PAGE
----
9 Simple Metrics for Measuring Your Nonprofit Gala’s Success

Fundraising & data peeps! This is where our worlds collide.

Your fundraiser is one of the most pivotal events of the year. Yes it’s an experience, a way to bring supporters in and tell the story of why we do this work.

But that doesn’t mean it isn’t stressful AF. Plus, we’ve got those deliverables to worry about.

What I love about fundraisers is how the back-end stuff often tells its own story. There are valuable lessons for us all – fundraisers, EDs, marketing & data wizards – on what drives supporters & how best to make these events replicable. We just need the right metrics.

So! Here are 9 qualitative & quantitative ways to gauge the success of your next fundraiser/gala.

9 Simple Metrics for Measuring Your Nonprofit Gala’s Success

1. RSVP’s vs Attendance.

Your RSVP count is a good indicator of reach. But how do your RSVP numbers compare to your day-of attendee count? Hopefully they’re close to the same, because that 1) demonstrates a level of commitment by guests to your event, and 2) can reduce costs, if you can avoid shelling out on unnecessary food and space.

Of course, this metrics becomes more useful when you compare these numbers to previous years.

2. Cancellations

One way to bring RSVP & Attendance numbers close together is to reduce your no-show count. No-shows are the people who RSVP to your event, but ghost without letting a soul know.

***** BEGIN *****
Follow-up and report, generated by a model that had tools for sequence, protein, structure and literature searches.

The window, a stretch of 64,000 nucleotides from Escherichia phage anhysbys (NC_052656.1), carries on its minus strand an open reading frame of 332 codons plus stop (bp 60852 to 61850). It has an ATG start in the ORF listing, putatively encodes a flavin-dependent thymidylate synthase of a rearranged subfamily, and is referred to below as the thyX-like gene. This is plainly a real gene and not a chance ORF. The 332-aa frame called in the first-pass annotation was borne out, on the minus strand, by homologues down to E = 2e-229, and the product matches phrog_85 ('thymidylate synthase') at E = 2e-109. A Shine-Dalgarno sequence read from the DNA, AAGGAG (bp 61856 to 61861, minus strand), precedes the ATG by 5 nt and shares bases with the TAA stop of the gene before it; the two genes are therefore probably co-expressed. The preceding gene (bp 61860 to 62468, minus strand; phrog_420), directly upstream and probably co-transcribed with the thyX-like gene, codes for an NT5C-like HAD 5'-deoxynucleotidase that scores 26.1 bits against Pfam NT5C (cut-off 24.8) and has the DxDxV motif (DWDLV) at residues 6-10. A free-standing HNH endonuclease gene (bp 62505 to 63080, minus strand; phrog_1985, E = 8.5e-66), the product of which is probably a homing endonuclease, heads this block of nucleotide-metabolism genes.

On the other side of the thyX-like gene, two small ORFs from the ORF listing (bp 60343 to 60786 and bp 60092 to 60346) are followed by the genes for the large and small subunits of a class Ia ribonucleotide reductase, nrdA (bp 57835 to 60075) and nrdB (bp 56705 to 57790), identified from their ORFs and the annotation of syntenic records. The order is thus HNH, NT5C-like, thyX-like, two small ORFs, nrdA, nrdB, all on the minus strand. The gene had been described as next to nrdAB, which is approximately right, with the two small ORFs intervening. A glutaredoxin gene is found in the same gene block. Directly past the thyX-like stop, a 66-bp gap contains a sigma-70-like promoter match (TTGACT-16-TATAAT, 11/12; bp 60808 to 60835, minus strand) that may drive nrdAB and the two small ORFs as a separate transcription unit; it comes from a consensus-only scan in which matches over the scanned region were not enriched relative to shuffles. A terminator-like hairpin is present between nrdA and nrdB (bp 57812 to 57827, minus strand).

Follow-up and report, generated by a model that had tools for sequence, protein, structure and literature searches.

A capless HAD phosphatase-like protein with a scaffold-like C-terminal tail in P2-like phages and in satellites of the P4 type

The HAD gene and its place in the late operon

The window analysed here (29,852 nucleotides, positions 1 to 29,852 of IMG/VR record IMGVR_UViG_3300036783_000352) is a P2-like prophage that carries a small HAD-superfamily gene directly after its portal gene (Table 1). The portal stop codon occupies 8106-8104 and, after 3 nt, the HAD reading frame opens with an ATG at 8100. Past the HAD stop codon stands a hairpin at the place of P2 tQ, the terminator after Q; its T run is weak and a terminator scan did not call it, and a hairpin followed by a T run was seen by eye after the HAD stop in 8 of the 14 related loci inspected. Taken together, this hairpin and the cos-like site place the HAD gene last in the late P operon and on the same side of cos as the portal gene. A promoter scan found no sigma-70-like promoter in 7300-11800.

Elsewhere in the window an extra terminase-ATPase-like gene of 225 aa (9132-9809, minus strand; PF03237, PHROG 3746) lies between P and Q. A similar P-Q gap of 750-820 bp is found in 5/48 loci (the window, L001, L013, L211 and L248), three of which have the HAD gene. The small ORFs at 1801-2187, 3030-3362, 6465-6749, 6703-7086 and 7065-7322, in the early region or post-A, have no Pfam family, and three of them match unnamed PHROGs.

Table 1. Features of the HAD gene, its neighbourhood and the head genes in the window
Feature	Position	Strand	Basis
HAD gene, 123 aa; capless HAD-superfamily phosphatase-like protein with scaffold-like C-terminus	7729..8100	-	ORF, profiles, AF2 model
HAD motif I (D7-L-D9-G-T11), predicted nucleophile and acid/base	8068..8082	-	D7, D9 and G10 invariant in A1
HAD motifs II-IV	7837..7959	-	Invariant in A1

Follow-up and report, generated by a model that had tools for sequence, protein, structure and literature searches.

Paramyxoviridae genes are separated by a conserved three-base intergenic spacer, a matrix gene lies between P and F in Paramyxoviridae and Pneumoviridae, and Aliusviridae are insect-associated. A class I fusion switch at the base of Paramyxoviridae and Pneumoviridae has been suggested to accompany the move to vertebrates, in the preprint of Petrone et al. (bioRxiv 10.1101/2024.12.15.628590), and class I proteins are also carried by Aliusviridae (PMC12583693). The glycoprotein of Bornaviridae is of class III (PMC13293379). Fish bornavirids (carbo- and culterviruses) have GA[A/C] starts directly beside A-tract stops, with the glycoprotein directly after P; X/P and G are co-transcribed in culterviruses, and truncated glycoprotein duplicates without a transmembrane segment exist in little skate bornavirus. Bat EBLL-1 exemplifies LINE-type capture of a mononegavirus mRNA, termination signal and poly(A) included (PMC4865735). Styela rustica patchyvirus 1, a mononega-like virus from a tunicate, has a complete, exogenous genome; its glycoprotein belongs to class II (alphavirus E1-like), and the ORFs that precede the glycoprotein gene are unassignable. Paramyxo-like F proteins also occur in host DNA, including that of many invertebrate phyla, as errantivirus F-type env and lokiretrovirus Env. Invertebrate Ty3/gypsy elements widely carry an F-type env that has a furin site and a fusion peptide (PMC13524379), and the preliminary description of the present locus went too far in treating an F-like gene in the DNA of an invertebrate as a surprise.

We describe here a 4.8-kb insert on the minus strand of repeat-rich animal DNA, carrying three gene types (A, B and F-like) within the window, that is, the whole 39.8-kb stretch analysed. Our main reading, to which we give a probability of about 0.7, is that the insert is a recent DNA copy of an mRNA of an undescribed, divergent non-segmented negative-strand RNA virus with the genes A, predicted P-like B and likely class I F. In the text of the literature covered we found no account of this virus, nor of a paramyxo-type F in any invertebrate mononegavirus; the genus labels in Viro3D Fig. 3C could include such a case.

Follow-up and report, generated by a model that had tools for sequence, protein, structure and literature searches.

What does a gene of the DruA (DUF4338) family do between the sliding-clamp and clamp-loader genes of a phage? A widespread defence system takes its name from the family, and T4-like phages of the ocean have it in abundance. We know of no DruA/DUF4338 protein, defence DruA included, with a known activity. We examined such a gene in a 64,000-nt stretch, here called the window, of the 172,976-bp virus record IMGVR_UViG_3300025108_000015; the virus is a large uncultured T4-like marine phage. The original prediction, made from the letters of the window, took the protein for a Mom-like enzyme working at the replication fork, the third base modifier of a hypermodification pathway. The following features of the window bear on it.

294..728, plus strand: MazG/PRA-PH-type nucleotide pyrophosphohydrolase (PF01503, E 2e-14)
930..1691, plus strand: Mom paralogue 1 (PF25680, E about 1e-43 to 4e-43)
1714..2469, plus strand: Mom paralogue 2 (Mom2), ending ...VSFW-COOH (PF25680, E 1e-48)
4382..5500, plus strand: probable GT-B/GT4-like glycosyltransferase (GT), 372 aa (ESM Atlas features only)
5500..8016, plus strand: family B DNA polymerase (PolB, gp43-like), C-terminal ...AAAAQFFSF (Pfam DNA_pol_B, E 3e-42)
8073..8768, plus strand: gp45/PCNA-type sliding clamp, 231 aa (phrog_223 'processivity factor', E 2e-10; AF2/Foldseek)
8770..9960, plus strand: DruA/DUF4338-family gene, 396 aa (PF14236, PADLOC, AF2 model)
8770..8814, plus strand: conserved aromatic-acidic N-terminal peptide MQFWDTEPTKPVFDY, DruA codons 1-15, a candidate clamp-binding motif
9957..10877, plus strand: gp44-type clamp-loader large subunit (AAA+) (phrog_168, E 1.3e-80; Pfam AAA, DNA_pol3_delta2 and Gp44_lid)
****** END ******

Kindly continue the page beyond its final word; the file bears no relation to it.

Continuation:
Of course it’s not a great feeling when the RSVP’s bail! But your cancellation count – that is, the number of people who tell you in advance that they won’t show – is a worthwhile metric. Why? Not only is the heads up important for planning, but it’s a testament to your reach. Since most people won’t think to change their RSVP unless prompted, cancellations can be an indicator that your reminder emails and committee prodding actually work.

And surprise: the higher your cancellations, the lower your no-shows!

3. New Gifts

How many gifts from this event are by brand new donors to the org? In some ways, this metric is what your event was about in the first place! Yes large gifts are important for sustaining your org, but so is bringing more supporters into the fold.

What does it mean if you don’t have that many new gifts? Well, it could mean one of two things: either your new attendees weren’t compelled to give for whatever reason, or you didn’t have enough new potential donors in the room!

4. Change in Gift Amounts (%)

New donors aren’t the only ones who need metrics love. Of the people who have given in the past, did those donors give more at this event? Did they give less? With some fancy Excel maneuvering, see if you can identify any trends in the percentage change between what your donors gave at this year’s event and the year prior.

Increases are obviously a great thing. But even if you notice a decrease, don’t panic! It may not necessarily reflect on your event, but on other external or economic factors. It’s just up to you to do some investigating.

5. Average & Median Gift Amounts